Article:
Yesterday at the opening for experimental ink artist Gu Wenda, I was struck by the unfolding of scale in his work. His early work could be completed by one person. There were large paintings, like Surreal Horizon (超现实地平线) or images from Lost Empires (遗失的王朝) but nevertheless the actual works themselves conformed to a human-sized world as I have come to know it. I felt myself and the art to be at the same scale. Indeed, often I was larger than the pieces and some, like the Red Heart Series (红心系列) of seals on small, abstract ink paintings, I could hold in my hand. However the later work, such as the Ink Alchemy Series (水墨炼金术系列 – above image) was large scale industrial. As such, these pieces could not be completed by any one person or even by a group of people working with their hands. Instead, the artist became both an industrial designer and an organizer of human labor and machines over time.
Made entirely of died braids of human hair, Gu Wenda’s most recent installation Black Gold (黑金) fills the entire OCT Art Terminal. In the middle of the cavernous room, a large rectangle of ink powder lies flat beneath a canopy of black braids. To the left and right of the canopy, evenly spaced sections of died braids hang from ceiling to floor in fine, delicate loops. The installation is deceptively simple – blocks of color shimmering neatly beneath gallery lights. However, Black Gold took three years (2008-2010) to complete and thinking about what would be necessary to complete such a project left me feeling both frightened and exhilarated. Frightened because I imaged thousands of woman, who had given several years of their lives to grow their hair, scalped to make an epic statement. Exhilarated because the level of coordinated precision needed to execute Black Gold spoke to me of how one might go about representing Chinese society – massive blocks that from a distance seem a well-organized whole, but which upon closer inspection dissolve into idiosyncratic anonymity.
Neatness or tidiness (整齐) of large groups or objects is one of the mass aesthetic values that I have had difficulty appreciating. Not that I don´t enjoy watching several thousands of people making the same motion at precisely the same time, but when I think about the level of work that is necessary to achieve such precision, I feel the same anxiety that I felt upon seeing Black Gold. Several examples of mass coordination come to mind: military marching, classrooms full of Chinese students taking tests over and over and over again to prepare for the gaokao, highways full of cars, miles of grazing pasture in the American West and wheat fields in the Mid. Massive, national bureaucracies. Each of these instances of mass coordination exemplifies the human potential to submit to external hierarchies that take sameness and repetition to be the signs of unity and belonging.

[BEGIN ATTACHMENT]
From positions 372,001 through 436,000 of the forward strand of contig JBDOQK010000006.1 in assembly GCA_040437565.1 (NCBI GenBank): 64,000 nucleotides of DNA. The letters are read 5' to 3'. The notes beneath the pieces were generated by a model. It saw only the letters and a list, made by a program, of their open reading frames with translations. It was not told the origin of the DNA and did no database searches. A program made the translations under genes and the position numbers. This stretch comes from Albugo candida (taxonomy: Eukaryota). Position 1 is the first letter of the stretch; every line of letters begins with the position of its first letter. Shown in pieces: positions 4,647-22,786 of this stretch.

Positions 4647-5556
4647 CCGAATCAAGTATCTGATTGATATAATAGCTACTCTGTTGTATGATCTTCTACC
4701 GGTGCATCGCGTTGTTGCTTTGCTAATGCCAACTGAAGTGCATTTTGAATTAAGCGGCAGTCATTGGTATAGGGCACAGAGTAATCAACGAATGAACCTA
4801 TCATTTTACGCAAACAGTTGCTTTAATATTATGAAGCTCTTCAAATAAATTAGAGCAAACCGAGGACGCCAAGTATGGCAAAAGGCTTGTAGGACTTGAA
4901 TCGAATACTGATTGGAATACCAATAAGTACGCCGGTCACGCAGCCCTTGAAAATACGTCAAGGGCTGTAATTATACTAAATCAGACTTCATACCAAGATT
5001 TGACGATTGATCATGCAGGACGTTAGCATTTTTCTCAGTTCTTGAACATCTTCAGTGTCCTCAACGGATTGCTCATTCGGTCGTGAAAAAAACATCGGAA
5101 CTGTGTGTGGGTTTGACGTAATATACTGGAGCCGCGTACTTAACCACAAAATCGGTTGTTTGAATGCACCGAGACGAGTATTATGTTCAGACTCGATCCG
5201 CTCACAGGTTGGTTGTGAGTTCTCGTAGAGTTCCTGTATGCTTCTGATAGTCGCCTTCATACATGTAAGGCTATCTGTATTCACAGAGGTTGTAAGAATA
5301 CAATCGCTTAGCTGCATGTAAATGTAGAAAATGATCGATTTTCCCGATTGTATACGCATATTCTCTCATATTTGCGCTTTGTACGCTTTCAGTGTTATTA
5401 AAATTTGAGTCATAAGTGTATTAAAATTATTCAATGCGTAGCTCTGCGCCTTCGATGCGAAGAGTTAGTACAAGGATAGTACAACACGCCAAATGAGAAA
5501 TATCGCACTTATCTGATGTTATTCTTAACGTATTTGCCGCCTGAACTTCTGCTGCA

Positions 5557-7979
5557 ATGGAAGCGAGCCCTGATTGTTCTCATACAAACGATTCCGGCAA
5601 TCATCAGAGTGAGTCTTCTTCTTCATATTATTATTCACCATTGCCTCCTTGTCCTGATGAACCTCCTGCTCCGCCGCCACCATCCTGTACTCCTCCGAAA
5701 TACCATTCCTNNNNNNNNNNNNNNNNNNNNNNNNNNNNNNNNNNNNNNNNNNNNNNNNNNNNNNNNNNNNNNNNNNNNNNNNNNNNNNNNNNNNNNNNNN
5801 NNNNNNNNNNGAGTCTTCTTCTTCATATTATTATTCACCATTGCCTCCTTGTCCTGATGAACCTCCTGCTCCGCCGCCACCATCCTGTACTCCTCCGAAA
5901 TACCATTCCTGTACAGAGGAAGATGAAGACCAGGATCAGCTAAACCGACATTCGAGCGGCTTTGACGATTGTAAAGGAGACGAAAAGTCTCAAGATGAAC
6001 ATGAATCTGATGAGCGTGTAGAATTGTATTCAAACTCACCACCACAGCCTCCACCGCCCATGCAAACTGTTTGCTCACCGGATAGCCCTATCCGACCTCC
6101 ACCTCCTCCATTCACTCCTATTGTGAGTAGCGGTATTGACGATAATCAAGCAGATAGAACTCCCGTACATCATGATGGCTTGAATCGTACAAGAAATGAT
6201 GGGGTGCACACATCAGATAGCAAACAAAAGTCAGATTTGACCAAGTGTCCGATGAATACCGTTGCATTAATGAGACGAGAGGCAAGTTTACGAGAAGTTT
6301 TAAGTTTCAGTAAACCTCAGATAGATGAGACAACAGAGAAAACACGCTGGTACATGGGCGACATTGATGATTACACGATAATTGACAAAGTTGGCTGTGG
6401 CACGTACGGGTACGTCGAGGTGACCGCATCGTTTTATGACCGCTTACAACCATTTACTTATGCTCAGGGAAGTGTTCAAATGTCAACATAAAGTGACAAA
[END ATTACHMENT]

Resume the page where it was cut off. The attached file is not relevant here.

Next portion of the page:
And here´s the rub: one what?
Military marching and mass test-taking provide living metonyms for the modern, industrial state. Nevertheless, these mass exercises also remind me of feudal traditions, in which being born into oneś place enabled large societies to hold their form for generations. In other words, for many to become one, for each to find her ¨place¨ takes a lifetime of practice. This taking one´s place in a larger order is natural insofar as to be human is to belong to various groups of various sizes. Indeed, as far as I can tell, this is the whole point of education – helping young people figure out how to inhabit diverse sets of coordinated relationships.
The anxiety I feel when thinking about Black Gold, specifically and mass coordination, more generally has to do with the means and goals of mass practices. Military marching, mass test-taking, driving on the highway, planting acres of wheat: each of these practices takes an abstract idea of what it means to be human and imposes it on the diversity of the world, creating conditions of idiosyncratic anonymity. Moreover, these practices aren´t particularly healthy. Armies go to war, Chinese students become test-taking machines, carbon monoxide kills as do the pesticides necessary to maintain wheat fields.
In contrast, if there is such a ¨one¨ out there, I’m Buddhist enough to believe that the point is to create conditions of mutual recognition. Creative collaboration rather than mass coordination, so to speak. I’m not sure what this means in terms of reorganizing nations or highway systems or college entrance requirements. Yet I trust the process. When I take the time to understand each of my students, something happens between us. And that state of sharing between – elusive, delicate, and quite beautiful – could transform mass culture in unexpected and wonderful ways.